From Box Life Magazine:
The physical benefits of weightlifting are well documented. Improved speed, power, muscle mass, weight loss, etc.—most CrossFitters have already seen the positive impact that consistent weightlifting can have on the body.
But what about the brain?
Recent studies suggest that regular resistance training (i.e. strength training and weightlifting) can provide a host of benefits to our mental health—such as improving an individual’s memory, slowing the onset of dementia, and providing a boost to our overall cognitive performance.
In the 1990s, scientists at the Salk Institute for Biological Studies in La Jolla, Calif., first discovered that exercise provides benefits to the brain. The scientists examined the impact on brain activity in mice by having one group ‘exercise’ on running wheels, while another group remained sedentary. The results showed that the mice that exercised produced far more cells in the area of the brain controlling memory creation than animals that didn’t run, as well as performing better on subsequent memory tests.
While the exact link between weightlifting and the performance of our brains is still being examined, we do have a basic understanding as to how resistance work can serve to provide an added boost to our mental capacity.
When we exercise, our body releases molecules that tell us to grow more muscle, tendon, ligament and bone cells, and make the ones we have even more efficient and powerful. Essentially, our body adapts to the different stresses we put it under so that we are better prepared the next time that same stress comes up, which is another reason why CrossFit is based on a constantly varied programming methodology—to keep our body constantly guessing, thus constantly developing. These molecules also affect your brain cells and blood vessels, encouraging more growth, power, and efficiency.
Some of these molecules include IGF-1 (insulin-like growth factor 1), a protein that promotes the survival of existing cells and encourages the growth of new ones. It is believed that the brain must have a good amount of IGF-1 in order to promote angiogenesis (a physiological process through which new blood vessels are formed from pre-existing vessels) and neurogenesis (responsible for populating the growing brain with neurons). Another hormone that is released is called BDNF (brain-derived neurotrophic factor). BDNF helps to promote the survival of neurons in the brain and encourage the growth and differentiation of new neurons and synapses (a structure that permits a neuron (or nerve cell) to pass an electrical or chemical signal to another cell). The hormone is found in the highest quantities in the part of the brain that is linked with learning and processing new material, as well as in the cerebral cortex—the part of the brain that allows you to store memories and execute higher thinking.
Furthermore, Teresa Liu-Ambrose, a principal investigator at the Brain Research Center at the University of British Columbia, has speculated in an article in the New York Times thatresistance training strengthens the heart—thus improving blood flow to the brain and improving cognitive function. She adds that because you actively have tothink about proper form and learning the technique when weightlifting, there can be an upsurge in brain usage.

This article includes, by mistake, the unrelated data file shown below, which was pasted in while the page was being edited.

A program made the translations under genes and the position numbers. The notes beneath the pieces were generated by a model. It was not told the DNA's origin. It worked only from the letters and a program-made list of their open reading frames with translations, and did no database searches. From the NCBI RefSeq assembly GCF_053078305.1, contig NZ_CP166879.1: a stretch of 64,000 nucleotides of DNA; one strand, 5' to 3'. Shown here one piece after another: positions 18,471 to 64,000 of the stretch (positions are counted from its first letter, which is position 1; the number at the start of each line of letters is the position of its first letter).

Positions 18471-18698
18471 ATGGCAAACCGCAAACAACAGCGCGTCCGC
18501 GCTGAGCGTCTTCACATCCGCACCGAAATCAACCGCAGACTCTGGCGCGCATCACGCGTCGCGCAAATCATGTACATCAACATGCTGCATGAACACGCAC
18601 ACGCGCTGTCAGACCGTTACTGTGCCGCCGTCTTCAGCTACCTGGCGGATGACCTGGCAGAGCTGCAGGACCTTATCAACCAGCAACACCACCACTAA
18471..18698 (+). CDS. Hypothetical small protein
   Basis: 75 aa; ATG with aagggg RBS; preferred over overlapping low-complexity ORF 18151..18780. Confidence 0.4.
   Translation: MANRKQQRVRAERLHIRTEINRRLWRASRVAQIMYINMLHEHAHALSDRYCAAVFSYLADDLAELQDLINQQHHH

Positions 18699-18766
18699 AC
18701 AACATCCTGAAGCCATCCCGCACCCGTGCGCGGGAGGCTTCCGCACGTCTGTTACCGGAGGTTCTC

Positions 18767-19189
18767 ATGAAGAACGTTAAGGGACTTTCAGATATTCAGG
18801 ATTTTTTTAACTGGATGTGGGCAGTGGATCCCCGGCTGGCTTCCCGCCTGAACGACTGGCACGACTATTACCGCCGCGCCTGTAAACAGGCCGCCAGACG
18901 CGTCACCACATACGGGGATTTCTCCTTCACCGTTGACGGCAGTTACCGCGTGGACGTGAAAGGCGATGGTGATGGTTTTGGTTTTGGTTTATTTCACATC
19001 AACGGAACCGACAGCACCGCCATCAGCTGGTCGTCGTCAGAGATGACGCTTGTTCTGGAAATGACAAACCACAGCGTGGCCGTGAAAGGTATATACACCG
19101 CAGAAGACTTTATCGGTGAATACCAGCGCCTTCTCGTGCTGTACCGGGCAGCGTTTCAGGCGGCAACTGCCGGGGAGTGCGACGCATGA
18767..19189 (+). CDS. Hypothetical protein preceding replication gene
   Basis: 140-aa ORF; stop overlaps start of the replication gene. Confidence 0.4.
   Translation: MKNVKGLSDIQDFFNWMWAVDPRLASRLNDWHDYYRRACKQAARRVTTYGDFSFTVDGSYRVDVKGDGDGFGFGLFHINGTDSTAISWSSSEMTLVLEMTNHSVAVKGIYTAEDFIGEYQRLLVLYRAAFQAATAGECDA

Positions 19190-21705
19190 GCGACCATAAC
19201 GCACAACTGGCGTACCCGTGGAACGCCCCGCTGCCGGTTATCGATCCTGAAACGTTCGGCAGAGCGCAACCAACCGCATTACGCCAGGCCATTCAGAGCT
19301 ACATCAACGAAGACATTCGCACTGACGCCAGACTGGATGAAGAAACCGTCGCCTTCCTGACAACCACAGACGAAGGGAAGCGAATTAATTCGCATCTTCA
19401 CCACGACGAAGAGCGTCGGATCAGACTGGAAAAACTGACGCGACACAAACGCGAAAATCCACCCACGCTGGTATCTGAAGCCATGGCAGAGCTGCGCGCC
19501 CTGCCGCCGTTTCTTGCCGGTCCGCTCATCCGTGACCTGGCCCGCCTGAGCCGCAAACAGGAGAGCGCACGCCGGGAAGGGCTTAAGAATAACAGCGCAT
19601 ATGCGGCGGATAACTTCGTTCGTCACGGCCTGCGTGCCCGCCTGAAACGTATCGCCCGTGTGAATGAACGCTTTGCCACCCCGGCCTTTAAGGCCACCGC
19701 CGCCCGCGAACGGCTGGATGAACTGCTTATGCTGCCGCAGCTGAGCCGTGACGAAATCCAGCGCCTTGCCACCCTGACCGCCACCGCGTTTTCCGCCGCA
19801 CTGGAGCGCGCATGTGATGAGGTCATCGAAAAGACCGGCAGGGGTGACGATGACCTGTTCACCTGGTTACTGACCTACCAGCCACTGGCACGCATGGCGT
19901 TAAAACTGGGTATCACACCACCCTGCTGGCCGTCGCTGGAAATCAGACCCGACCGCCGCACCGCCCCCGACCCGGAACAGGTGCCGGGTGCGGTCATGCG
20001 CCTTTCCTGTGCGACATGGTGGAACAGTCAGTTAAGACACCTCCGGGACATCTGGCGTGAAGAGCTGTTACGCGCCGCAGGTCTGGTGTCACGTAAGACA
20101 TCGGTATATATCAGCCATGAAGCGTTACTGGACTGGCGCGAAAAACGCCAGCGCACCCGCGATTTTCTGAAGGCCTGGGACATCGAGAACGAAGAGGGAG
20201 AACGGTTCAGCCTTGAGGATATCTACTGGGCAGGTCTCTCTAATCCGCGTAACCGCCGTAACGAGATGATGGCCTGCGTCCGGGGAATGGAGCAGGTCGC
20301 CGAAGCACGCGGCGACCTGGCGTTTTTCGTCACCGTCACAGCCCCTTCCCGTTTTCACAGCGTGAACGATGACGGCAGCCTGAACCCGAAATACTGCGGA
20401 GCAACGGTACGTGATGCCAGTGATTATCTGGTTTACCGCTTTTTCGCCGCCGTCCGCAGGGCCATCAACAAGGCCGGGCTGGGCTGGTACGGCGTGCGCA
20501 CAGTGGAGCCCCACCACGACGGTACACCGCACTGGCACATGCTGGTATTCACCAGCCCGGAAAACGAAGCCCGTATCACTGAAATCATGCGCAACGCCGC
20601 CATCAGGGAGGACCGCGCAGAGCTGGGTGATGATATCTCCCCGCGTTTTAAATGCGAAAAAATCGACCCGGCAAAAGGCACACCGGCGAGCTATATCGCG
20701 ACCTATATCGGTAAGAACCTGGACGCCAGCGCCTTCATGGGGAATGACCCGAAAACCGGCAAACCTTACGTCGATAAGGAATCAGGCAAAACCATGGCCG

So is there any proof to back up these claims?
Actually, there is—though the studies that examine the relationship between resistance training and cognitive function are primarily conducted on older individuals. A 2013 study conducted by the University of British Columbia examined the impact of resistance training in areas of on conflict resolution, attention and memory in women aged between 70-80 that were suffering from mild cognitive impairment (MCI). MCI is a condition where people have memory problems—though they are not severe enough to interfere with daily life. However, it is often considered to be the very early stage of Alzheimer’s Disease. In the study, 86 women were randomly assigned to three groups:
26 participants did resistance training, such as lifting weights, to build muscle strength.
24 walked outdoors in an aerobics program.
27 took basic balance and toning classes as a control.
In advance of the trial, all of the women performed baseline memory tests.
The exercise classes were held twice weekly over the course of six months.
After six months, the women in the toning group scored worse on the memory tests than they had at the start of the study. Their cognitive impairment had grown. But the women who had exercised, either by walking or weight training, performed better on almost all of the cognitive tests after six months than they had before.
The researchers claimed that their results showed that resistance training can improve both your cognitive performance and your brain function. What is so unique about these findings is that they show that strength training can benefit our executive function and associative memory—two process that are highly sensitive to the effects of aging and neurodegeneration (and ones that are usually damaged in the early stages of Alzheimer’s disease).
If only six month of resistance work was able to positively affect the cognitive condition of these women, imagine what impact years of weightlifting could have on our brains? More research needs to be conducted into how weightlifting can help our brains perform, but if it helps us retain our memories and be more alert, well, that’s as good a reason as any to keep pumping the iron.